I don't know which antiviral your doctor was talking about, but the standard treatment for VZV involves valacyclovir (3-4g/day) and I haven't heard about any liver issues with valacyclovir. (Of course, there may be interactions with other medications that might impact the liver, though.)
It depends upon the particular medicine. Each antiviral medicine is completely different from each other in terms of pharmacology. Some require close monitoring of liver enzymes and some are barely even metabolized by the liver at all. Unfortunately, I find that generalizations about "antivirals" too often tend to be misleading and unhelpful.
Did Dr. Chia ever publish any long term follow up on these HZ acyclovir cured-people? Perhaps they just improved and later relapsed? I had chickenpox in childhood, recovered with no ME, developed ME at 38 and had a shingles flare at 46, was treated with acyclovir which successfully prevented it from progressing but it had zero effect on my ME symptoms. That said, I also am positive for my other ME viruses.
Not that I am aware of, and I have not come across any cases on this forum, although that may be down to lack of awareness (Chia found that even one or two tiny shingles blisters can signify VZV activation, but I bet many ME/CFS patients do not know that).
The drug valacyclovir (Valtrex) is often prescribed for VZV and is generally seen to be effective and have a very low incidence of adverse events. It is taken by mouth, converted to acyclovir in the intestines/liver, and then released into the blood. Once in the blood, the acyclovir suppresses the virus and is eventually excreted in urine and feces, mostly unmetabolized.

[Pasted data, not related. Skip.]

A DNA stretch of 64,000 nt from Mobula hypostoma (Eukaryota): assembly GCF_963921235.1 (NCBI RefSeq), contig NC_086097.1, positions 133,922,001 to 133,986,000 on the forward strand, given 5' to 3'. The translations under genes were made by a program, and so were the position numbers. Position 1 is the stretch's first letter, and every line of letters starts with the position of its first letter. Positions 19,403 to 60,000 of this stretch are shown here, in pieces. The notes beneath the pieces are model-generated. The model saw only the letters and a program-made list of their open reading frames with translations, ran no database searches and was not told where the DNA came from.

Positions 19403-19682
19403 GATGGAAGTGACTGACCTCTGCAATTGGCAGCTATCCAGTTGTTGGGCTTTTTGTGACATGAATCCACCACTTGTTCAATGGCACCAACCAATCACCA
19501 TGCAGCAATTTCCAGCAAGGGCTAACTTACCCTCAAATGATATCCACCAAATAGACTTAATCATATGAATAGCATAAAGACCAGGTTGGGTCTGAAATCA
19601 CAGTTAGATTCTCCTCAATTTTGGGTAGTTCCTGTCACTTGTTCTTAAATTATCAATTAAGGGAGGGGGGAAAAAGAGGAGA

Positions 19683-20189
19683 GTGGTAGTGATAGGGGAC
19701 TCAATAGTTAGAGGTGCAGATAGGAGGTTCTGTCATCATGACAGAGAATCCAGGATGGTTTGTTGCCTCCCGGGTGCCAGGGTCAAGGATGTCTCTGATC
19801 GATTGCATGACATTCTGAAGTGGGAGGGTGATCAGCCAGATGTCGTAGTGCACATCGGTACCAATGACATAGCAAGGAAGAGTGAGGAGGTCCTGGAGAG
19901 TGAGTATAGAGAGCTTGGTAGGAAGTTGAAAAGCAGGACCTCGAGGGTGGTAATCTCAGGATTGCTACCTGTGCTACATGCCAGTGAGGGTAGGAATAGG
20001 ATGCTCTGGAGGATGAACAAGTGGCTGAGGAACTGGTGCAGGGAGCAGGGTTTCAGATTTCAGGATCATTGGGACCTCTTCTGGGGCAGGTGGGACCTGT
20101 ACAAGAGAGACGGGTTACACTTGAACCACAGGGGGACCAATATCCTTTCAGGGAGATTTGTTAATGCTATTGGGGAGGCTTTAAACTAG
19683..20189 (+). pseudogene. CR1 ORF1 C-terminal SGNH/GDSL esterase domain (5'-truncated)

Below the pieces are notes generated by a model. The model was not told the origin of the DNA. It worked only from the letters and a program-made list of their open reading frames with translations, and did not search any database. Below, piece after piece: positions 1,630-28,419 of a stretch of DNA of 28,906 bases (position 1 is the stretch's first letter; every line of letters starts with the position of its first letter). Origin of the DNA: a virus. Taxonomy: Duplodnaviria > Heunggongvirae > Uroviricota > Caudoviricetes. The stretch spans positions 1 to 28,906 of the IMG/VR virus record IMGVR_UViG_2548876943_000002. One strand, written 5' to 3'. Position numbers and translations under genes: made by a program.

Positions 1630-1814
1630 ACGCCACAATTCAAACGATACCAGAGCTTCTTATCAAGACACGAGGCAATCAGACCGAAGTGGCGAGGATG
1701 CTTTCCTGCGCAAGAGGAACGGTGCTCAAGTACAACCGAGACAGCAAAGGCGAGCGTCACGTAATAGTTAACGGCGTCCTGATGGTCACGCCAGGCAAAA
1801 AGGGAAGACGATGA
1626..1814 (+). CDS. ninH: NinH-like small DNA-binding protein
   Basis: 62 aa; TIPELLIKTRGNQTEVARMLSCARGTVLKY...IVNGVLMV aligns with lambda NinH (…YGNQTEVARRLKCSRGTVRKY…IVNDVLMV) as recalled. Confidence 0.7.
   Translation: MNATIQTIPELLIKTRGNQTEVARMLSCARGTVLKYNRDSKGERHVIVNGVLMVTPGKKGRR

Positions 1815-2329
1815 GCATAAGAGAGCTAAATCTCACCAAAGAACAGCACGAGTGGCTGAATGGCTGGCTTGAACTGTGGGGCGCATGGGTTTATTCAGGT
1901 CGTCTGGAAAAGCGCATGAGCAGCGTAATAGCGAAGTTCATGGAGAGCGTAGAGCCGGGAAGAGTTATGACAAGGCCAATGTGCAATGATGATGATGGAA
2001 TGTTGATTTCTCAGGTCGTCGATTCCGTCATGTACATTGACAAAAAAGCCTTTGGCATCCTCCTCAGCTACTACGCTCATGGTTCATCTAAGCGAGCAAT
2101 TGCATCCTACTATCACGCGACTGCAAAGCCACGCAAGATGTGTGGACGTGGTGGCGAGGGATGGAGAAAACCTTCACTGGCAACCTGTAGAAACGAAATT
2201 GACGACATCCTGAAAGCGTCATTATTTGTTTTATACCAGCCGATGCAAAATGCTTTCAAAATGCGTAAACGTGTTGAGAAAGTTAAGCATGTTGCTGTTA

So the liver does some metabolism during the conversion of valacyclovir to acyclovir, but after that there doesn't seem to be much liver metabolism:
After oral administration, valacyclovir hydrochloride is rapidly absorbed from the gastrointestinal tract and nearly completely converted to acyclovir and L-valine by first-pass intestinal and/or hepatic metabolism.
After oral administration of a single 1 gram dose of radiolabeled valacyclovir to 4 healthy subjects, 46% and 47% of administered radioactivity was measured in urine and feces, respectively, over 96 hours. Acyclovir accounted for 89% of the radioactivity excreted in the urine [FDA label].
For people with liver problems, the official prescribing information from the U.S. Food and Drug Administration has this to say:
Patients with Hepatic Impairment:
Administration of VALTREX to subjects with moderate (biopsy-proven cirrhosis) or severe (with and without ascites and biopsy-proven cirrhosis) liver disease indicated that the rate but not the extent of conversion of valacyclovir to acyclovir is reduced, and the acyclovir half-life is not affected. Dosage modification is not recommended for patients with cirrhosis.
What does this mean? This means that if you have liver problems, the drug might be absorbed into the blood more slowly due to the liver disease, but it will not be excreted from the body more slowly, indicating that the liver does not appear to have problems excreting the drug from the body.
In my personal case, I found that the standard dosage for shingles, which is 1g valacyclovir 3 times per day, reduced my shingles rashes to small pinpoint red spots. Only when I increased the dose to 1g valacyclovir 4 times per day did the shingles rashes disappear completely. (I don't have liver problems)
Your doctor will probably recommend that you take it with water or other liquids. Your doctor will probably also recommend that you space your doses throughout the day, since acyclovir has a short half-life.